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ABSTRACT: To define the recommended dose of the association of weekly irinotecan (Iri) and cisplatin (CP) with pelvic radiotherapy in Locally Advanced Cervical Cancer. Stage IB2-IV cervix cancer patients were treated with escalating doses of Iri starting from 30 mg/m(2) and a fixed dose of CP at 20 mg/m(2), both weekly concomitantly with a 45-Gy pelvic irradiation. Fifteen patients entered the study, 6 at level 1 (Iri 30 mg/m(2)), 3 at level 2 (Iri 40 mg/m(2)) and 6 at intermediate dose (Iri 35 mg/m(2)). Median age was 47 years (34-72), FIGO stage IB (n=1), IIB (n=7), III (n=6), IVA (n=1). The recommended dose was weekly Iri 35 mg/m(2) and CP 20 mg/m(2). Dose limiting toxicities (grades 3-4) were diarrhea, abdominal pain, febrile neutropenia and fatigue. In cervix cancer patients, radiosensitization with weekly cisplatin and irinotecan is feasible, and the recommended doses are cisplatin 20 mg/m(2)/week and irinotecan 35 mg/m(2)/week for future phase II studies.Gynecologic Oncology 03/2010; 117(2):276-80. · 3.93 Impact Factor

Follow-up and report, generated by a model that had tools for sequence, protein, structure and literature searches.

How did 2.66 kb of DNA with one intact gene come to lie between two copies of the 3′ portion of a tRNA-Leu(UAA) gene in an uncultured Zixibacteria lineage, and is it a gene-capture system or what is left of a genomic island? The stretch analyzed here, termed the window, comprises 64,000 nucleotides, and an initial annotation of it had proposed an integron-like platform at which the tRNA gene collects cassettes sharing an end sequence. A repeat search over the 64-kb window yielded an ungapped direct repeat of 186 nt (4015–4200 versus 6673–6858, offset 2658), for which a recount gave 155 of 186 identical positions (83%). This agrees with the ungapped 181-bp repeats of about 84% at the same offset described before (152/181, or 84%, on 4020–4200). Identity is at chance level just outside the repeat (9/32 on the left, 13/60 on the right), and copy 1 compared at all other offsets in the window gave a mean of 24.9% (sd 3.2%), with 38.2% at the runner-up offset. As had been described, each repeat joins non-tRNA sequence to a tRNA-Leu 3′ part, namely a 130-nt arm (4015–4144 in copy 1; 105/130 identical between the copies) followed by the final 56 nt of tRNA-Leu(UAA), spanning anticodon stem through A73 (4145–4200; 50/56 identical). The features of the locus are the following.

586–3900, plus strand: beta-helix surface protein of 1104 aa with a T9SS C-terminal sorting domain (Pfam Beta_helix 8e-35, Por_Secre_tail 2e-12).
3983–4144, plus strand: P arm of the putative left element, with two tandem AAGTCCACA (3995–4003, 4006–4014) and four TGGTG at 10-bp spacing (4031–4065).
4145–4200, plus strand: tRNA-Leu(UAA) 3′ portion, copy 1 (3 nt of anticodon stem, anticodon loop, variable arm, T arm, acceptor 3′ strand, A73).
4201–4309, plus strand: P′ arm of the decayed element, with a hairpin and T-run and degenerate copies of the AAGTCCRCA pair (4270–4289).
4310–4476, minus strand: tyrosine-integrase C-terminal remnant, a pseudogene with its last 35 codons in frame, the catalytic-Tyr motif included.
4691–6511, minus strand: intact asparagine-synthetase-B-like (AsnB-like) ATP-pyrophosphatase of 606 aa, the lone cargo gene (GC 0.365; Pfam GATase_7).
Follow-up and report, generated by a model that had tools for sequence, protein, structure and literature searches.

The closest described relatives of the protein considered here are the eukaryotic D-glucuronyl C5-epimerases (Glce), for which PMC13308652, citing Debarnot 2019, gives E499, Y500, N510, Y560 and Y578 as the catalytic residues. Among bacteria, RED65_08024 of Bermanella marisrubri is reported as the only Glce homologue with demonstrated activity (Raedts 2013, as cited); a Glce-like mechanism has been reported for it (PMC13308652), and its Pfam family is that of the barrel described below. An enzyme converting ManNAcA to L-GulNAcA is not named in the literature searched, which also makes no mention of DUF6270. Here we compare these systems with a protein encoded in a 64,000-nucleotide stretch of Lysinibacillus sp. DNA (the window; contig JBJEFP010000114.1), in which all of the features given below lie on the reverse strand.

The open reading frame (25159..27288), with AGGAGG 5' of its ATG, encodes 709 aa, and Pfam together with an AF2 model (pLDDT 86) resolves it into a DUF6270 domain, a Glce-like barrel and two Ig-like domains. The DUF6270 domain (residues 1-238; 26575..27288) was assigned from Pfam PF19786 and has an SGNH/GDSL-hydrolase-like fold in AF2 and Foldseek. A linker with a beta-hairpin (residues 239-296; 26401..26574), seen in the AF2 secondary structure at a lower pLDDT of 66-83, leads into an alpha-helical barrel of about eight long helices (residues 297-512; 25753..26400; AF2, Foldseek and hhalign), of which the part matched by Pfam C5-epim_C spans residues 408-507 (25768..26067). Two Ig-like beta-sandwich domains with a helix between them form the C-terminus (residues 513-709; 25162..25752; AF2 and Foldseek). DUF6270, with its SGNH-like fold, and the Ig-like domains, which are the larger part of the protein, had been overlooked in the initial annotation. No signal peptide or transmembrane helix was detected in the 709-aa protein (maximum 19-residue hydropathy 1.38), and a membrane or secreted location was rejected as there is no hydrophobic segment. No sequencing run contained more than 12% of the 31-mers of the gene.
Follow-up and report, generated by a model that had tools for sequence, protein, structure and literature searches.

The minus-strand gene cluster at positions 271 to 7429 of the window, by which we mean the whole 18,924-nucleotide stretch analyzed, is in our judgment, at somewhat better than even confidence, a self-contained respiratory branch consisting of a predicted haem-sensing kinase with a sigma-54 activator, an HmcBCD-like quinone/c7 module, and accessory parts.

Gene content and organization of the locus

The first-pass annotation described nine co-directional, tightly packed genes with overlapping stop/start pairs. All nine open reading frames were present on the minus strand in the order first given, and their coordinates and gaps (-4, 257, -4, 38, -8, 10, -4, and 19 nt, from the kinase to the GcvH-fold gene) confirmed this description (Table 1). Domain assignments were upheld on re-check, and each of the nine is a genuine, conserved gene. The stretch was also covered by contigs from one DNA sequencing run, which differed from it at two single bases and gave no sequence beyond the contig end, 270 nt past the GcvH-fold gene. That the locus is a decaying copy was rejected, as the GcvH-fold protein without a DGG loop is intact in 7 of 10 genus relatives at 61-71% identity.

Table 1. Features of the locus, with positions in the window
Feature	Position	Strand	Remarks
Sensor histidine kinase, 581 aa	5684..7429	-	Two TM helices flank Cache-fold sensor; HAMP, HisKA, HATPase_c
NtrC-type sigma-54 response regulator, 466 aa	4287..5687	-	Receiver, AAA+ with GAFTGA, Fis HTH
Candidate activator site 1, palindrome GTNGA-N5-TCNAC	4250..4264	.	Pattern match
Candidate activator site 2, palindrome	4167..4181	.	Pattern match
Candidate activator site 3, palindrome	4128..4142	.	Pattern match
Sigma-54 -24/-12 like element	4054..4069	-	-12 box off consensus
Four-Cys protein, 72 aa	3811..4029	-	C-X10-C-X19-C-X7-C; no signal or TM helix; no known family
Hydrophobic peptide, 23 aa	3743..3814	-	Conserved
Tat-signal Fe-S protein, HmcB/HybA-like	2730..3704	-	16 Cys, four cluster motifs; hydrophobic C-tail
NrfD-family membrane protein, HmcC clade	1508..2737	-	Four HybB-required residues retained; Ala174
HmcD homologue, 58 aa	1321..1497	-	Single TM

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ABSTRACT: The aim of this narrative review is to update the current knowledge on the treatment of recurrent cervical cancer based on a literature review. A web based search in Medline and CancerLit databases has been carried out on recurrent cervical cancer management and treatment. All relevant information has been collected and analyzed, prioritizing randomized clinical trials. Cervical cancer still represents a significant problem for public health with an annual incidence of about half a million new cases worldwide. Percentages of pelvic recurrences fluctuate from 10% to 74% depending on different risk factors. Accordingly to the literature, it is suggested that chemoradiation treatment (containing cisplatin and/or taxanes) could represent the treatment of choice for locoregional recurrences of cervical cancer after radical surgery. Pelvic exenteration is usually indicated for selected cases of central recurrence of cervical cancer after primary or adjuvant radiation and chemotherapy with bladder and/or rectum infiltration neither extended to the pelvic side walls nor showing any signs of extrapelvic spread of disease. Laterally extended endopelvic resection (LEER) for the treatment of those patients with a locally advanced disease or with a recurrence affecting the pelvic wall has been described. The treatment of recurrences of cervical carcinoma consists of surgery, and of radiation and chemotherapy, or the combination of different modalities taking into consideration the type of primary therapy, the site of recurrence, the disease-free interval, the patient symptoms, performance status, and the degree to which any given treatment might be beneficial.Surgical Oncology 01/2012; 21(2):e59-66. · 2.14 Impact Factor